Quick! Stop That Sentence!

The run-on sentence is often the subject of some confusion. Though a writer can seem to run on and on and on, each thought flowing mercilessly into the next, it’s not a run-on unless it lacks an internal separation of each thought. Thus, as authorities such as Grammar Girl might suggest, “I had lunch you did not” is a run-on despite its brevity because it’s two thoughts that run together. “I had lunch but you did not” or “I had lunch; you did not” is correct.

Which is not say that you can simply throw in some punctuation and all is well. Thanks to the semi-colon, we can string together all kinds of thoughts and be good little writers. But should we?

Take this sentence that came to me for editing:

The resort offers several convenient amenities: complimentary international calls; complimentary Wi-Fi all over its properties; smart technology in all of its meeting spaces and an easy-to-navigate mobile application that provides access to food and beverage menus from bars and restaurants at each property and resort navigation showcasing precise locations and points of interest, on-property events, spa menus and property information.

I don’t know but you, but I need to lie down for a moment and catch my breath.

Strictly speaking, the sentence is correctly punctuated. Independent ideas are properly separated by semi-colons. But it takes a bit of work to be sure that everything really is in its place. And it’s just plain too long. Couldn’t the writer have cut this into a couple of sentences?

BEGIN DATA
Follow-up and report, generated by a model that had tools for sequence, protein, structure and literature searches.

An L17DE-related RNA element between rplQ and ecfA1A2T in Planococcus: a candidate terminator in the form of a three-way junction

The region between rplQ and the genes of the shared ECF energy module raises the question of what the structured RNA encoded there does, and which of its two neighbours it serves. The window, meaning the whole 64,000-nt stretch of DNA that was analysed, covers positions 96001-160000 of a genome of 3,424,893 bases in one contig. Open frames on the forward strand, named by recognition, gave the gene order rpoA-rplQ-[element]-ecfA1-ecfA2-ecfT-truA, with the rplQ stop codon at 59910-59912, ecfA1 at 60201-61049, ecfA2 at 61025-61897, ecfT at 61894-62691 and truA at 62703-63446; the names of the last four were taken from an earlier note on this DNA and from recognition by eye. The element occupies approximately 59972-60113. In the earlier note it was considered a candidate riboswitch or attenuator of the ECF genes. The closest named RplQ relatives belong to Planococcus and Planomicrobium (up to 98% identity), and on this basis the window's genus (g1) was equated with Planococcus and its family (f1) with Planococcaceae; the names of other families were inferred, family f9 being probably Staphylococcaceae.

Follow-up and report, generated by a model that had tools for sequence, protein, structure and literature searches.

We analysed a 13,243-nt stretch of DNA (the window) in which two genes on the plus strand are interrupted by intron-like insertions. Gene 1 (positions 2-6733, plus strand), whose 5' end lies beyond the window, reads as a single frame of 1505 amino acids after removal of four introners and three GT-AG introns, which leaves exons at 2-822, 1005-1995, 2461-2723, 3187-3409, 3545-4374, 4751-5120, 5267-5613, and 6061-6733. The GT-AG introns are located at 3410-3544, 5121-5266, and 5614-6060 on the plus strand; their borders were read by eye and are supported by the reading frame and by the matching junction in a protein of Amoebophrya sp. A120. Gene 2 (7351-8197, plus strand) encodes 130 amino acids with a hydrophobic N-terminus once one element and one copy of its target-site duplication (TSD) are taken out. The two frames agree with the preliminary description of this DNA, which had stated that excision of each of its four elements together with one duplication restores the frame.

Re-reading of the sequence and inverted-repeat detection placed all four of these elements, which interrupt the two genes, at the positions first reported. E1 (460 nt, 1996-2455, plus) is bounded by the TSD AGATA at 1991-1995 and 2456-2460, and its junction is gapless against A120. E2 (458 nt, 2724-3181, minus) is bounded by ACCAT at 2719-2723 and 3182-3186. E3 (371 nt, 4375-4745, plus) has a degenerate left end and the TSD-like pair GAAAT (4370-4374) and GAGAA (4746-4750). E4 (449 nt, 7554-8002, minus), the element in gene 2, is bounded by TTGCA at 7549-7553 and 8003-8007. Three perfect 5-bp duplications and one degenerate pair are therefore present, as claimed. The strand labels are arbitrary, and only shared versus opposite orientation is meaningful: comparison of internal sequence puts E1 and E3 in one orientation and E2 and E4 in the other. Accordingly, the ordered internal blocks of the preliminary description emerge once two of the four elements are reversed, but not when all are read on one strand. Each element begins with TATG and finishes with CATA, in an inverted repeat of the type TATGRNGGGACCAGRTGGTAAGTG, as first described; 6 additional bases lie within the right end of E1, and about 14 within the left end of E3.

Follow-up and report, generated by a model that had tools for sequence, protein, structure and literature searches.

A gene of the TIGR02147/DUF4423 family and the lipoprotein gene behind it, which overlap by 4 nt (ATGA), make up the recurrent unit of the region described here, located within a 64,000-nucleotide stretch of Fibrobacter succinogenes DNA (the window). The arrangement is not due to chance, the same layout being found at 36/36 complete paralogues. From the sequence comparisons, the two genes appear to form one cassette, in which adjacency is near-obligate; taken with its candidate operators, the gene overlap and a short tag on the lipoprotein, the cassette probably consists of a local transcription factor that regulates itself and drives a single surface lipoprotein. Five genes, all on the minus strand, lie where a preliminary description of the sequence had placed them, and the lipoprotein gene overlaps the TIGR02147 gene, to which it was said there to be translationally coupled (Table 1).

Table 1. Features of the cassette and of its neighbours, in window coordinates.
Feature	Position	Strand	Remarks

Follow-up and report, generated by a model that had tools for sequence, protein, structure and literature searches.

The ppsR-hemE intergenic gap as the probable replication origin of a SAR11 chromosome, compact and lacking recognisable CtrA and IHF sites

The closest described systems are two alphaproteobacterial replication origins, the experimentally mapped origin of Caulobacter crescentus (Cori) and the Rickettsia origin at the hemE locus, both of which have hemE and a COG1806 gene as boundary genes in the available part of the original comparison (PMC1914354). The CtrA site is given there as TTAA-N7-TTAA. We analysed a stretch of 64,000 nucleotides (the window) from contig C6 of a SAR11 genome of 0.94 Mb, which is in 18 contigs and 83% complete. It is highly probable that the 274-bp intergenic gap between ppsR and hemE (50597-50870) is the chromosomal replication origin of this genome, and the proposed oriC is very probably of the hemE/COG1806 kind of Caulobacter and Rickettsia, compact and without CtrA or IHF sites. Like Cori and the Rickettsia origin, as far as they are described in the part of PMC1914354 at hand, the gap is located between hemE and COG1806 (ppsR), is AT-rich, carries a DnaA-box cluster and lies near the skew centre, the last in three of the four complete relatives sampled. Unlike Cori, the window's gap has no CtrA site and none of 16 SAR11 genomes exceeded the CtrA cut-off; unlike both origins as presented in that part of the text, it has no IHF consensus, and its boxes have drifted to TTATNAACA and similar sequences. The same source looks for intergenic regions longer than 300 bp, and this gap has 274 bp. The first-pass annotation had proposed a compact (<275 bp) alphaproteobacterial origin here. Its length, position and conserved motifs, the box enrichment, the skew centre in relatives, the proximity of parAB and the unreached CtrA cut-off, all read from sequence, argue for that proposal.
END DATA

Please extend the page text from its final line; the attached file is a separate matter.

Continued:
Better (with some wordiness fixed as well):

The resort provides complimentary international calls and free Wi-Fi all over its properties. It offers smart technology in all meeting spaces and an easy-to-navigate mobile application giving access to food and beverage menus from bars and restaurants at each property. The app also has resort navigation showcasing precise locations and points of interest, on-property events, spa menus and property information.

People don’t have the time to carefully read your words and be sure they’re absorbing them correctly. Give your reader a break and keep your writing simple and direct.

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It’s Not That Complicated

If you’re one of those who often confuses ITS and IT’S, don’t feel bad. Even the pros get it wrong from time to time.

SUN POST DETAIL

Miami Beach Sun-Post – June 20, 2013

It may further comfort you to know that today’s rule — no apostrophe in the simple possessive ITS — has not always been the standard.

According to Merriam Webster’s Dictionary of English Usage (1994), the non-apostrophized form did not come into favor until the 1800s. “The possessive pronouns were a complete muddle in the 18th century,” the guide laments, noting that Thomas Jefferson and Jane Austen used IT’S for ITS.

We are in the 21st century, however, and we are neither Thomas Jefferson nor Jane Austen. (I’m not, anyway.) The matter is settled.

JustĀ  as HERS and THEIRS are simple possessives that do not need an apostrophe, IT’S is not the possessive of IT.

IT’S is a contraction of IT and IS.

I don’t know of any rules of thumb to help you keep this straight.

IT’S just the way ITS is.